Certain drugs might not be included due to limited clinical evidence. We encourage prescribers to contact us at 800-533-1710 with questions.

Why is enhanced formatting not used for my report?

Enhanced report formatting is not supported by some institutions. A copy of the enhanced report can be faxed upon request.

Which test should be ordered to evaluate for a specific drug?

Refer to our Pharmacogenomic Association Tables to determine which genes may be of interest for a specific drug. CAUTION: We do not report medications for which there is limited gene-drug information, including drug metabolism, response, and/or toxicity. Pharmacogenomic pharmacists are a great resource when considering patient care and dosing recommendations.

If questions remain regarding test selection for a specific drug, please call 800-533-1710 to speak with a genetic counselor or laboratory director.

What options are available for CYP2D6 gene testing?

  • The CYP2D6 gene is available as a single gene test (2D6Q) and is included in the PGXQP and PSYQP panel tests. If testing requires follow-up for CYP2D6, then reflex testing will be performed per our algorithm at an additional charge.
  • Tier 1 testing for CYP2D6 includes genotyping for specific variants and copy number analysis.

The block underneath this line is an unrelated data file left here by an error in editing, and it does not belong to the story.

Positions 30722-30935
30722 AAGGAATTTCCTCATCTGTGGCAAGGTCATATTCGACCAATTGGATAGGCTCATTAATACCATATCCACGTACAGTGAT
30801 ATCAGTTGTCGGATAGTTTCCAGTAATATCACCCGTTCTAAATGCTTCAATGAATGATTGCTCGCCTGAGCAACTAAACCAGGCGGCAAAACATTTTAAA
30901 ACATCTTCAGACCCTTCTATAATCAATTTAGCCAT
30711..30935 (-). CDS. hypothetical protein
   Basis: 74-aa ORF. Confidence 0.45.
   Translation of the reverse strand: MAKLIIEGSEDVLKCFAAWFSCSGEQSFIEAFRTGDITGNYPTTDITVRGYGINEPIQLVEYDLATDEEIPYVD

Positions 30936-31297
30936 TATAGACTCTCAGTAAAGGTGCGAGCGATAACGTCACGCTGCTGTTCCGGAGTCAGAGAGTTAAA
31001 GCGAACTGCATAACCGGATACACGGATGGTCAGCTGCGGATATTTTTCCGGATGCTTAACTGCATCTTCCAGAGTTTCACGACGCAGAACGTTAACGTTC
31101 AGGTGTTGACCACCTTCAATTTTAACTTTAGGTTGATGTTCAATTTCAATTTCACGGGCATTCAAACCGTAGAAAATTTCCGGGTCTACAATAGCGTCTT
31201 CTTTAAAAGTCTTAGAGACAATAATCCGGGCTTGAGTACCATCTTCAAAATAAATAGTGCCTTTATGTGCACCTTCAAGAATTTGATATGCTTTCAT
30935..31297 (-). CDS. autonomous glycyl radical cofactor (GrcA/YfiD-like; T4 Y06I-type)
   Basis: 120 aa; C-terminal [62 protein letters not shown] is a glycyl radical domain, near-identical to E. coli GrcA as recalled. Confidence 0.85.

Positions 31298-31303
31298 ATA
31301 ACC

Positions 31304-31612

• In approximately 3% of cases, Tier 1 testing results in ambiguous results and testing is reflexed to Tier 2 testing.
  • Tier 2 testing includes Sanger sequencing to define the CYP2D6 alleles present.   
    • Tier 2 testing can only be performed on blood specimens. Saliva specimens will not reflex to Tier 2 testing and therefore ambiguous results are possible.
    • Cascade testing can be avoided by sending in saliva because Tier 2 testing cannot be performed on saliva specimens.

Is blood or saliva the preferred specimen type?

  • We accept both blood and saliva samples for testing; however, due to lower DNA yield and quality, we highly recommend blood specimens, if possible.  
  • Saliva sample collection is useful in clinic settings that lack phlebotomy capabilities.
    • We only accept saliva specimens collected using an FDA-approved kit, which involves the patient using a specialized sponge to collect the saliva and then placing the sponge into a tube treated with preservative to prevent microbial growth. Mayo Clinic Laboratories clients can order approved saliva collection kits through a supply request: Saliva Swab Collection Kit (T786).
    • The patient must not eat, drink, smoke, or chew gum for 30 minutes prior to collection.
    • The samples are shipped as per usual to our laboratory, where the DNA is extracted.
    • Saliva samples are then processed in the same way as blood specimens.
  • Turnaround time for blood and saliva sample testing is similar, but due to the lower quality of saliva DNA, repeat testing is more common and may delay the result.

In instances where the patient has undergone a transplant, is blood or saliva preferred?

  • If the patient had a bone marrow transplant, we require a pre-transplant specimen or fibroblast culture for testing. Both blood and saliva will reflect the donor’s DNA and not be representative of the patient’s liver, where the bulk of the metabolism occurs.
  • In cases of liver transplant, please call 800-533-1710 to discuss specimen options with a genetic counselor or laboratory director.